Fighting has escalated across Afghanistan after the withdrawal of US troops emboldened Taliban militants to close in on major cities.
20 years after they initially ousted the Taliban in 2001, Western forces have withdrawn troops from Afghanistan. In the last two months the Islamist group have made major advances.
Taliban militants have expanded their presence beyond traditional strongholds in remote southern regions to full control in cities across the north, north-eastern and central provinces. In recent weeks they have closed in on the major cities of Herat, Kanahar and Lashkar Gah.
Fighting has erupted in Lashkar Gah, the capital of Afghanistan’s Helmand Province; the centrepiece of the US and British military campaign. If the city fell, it would be the first provincial capital won by the Taliban since 2016.
The US has continued it’s support of government forces in the region. On Monday US forces conducted aerial strikes on Lashkar Gah. According to the Afghan Ministry of Defence, over 40 Taliban terrorists were killed, though civilian casualties have not yet been confirmed.
General Sami Sadat is leading the battle against Taliban militia in the Helmand province. He told the BBC today that he is confident the Taliban will not take Lashkar Gah, as their forces would not be able to sustain the government’s assault.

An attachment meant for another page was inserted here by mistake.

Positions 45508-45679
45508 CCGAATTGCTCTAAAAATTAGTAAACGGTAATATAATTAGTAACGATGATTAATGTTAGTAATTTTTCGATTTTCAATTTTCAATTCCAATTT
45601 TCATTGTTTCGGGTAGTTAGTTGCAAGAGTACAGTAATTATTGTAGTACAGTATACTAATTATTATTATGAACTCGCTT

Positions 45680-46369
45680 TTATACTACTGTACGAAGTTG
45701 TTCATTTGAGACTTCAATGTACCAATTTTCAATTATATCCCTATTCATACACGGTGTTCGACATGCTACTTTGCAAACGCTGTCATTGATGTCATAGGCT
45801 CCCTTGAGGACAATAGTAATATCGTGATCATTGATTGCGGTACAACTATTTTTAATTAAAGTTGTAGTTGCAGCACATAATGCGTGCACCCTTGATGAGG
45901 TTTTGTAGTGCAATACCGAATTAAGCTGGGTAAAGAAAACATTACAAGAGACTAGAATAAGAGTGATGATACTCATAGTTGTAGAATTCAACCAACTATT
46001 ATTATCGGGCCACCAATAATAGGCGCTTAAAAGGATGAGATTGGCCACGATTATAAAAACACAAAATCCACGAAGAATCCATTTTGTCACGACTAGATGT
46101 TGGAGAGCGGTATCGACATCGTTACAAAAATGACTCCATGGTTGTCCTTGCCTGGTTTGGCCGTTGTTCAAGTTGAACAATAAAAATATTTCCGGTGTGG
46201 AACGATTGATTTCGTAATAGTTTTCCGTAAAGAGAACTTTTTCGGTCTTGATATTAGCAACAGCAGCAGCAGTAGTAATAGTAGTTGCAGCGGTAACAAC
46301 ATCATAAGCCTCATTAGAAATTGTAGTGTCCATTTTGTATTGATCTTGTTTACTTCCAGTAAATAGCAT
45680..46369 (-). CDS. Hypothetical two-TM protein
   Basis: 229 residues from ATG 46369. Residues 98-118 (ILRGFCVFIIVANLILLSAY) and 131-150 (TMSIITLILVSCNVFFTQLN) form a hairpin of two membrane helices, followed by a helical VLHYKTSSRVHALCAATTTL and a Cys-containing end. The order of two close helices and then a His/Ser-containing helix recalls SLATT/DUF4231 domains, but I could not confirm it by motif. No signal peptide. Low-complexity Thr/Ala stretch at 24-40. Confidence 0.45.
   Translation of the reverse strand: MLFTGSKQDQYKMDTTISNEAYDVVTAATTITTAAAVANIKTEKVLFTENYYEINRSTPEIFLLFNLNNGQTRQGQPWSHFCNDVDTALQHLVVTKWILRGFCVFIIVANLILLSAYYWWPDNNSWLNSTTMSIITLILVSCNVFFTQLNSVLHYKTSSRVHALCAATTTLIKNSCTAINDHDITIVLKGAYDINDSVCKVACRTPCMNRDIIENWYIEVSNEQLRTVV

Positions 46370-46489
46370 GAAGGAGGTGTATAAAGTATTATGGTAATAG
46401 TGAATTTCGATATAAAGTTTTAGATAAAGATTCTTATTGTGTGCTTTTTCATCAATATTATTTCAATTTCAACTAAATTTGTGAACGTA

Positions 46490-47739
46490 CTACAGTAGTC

However, he warned of a new threat emerging as the Taliban continue to gain reinforcement from other Islamist groups.
“This will increase the hope for small extremist groups to mobilise in the cities of Europe and America, and will have a devastating effect on global security,” he said.
In other provinces across the country the situation on the ground is fluid and changing rapidly.
Attempts to capture Afghanistan’s second largest city Kandahar have continued after rocket strikes hit the city’s airport on Sunday. Seizing Kandahar would give the Taliban control of Afghanistan’s southern region.
The battle between government commandos and Islamist insurgents continues in the besieged western city of Herat after a UN compound was attacked on Friday. Government forces have taken back some areas.
BBC statistics released last week report over 1,600 civilian deaths and 300,000 displacements since the start of the year. The UN blames the Taliban and other government elements.
Afghanistan’s President Ashraf Ghani holds the sudden withdrawal of US troops responsible for the increase in Taliban invasions.
“The reason for our current situation is that the decision was taken abruptly,” he told parliament.
The US State Department said yesterday it would be launching a new program to resettle Afghans targeted for their affiliations with the US. Reuters reported earlier on Monday the plans to set up the “Priority Two” refugee program, covering Afghans who worked for U.S.-funded projects and for U.S.-based non-government bodies and media outlets.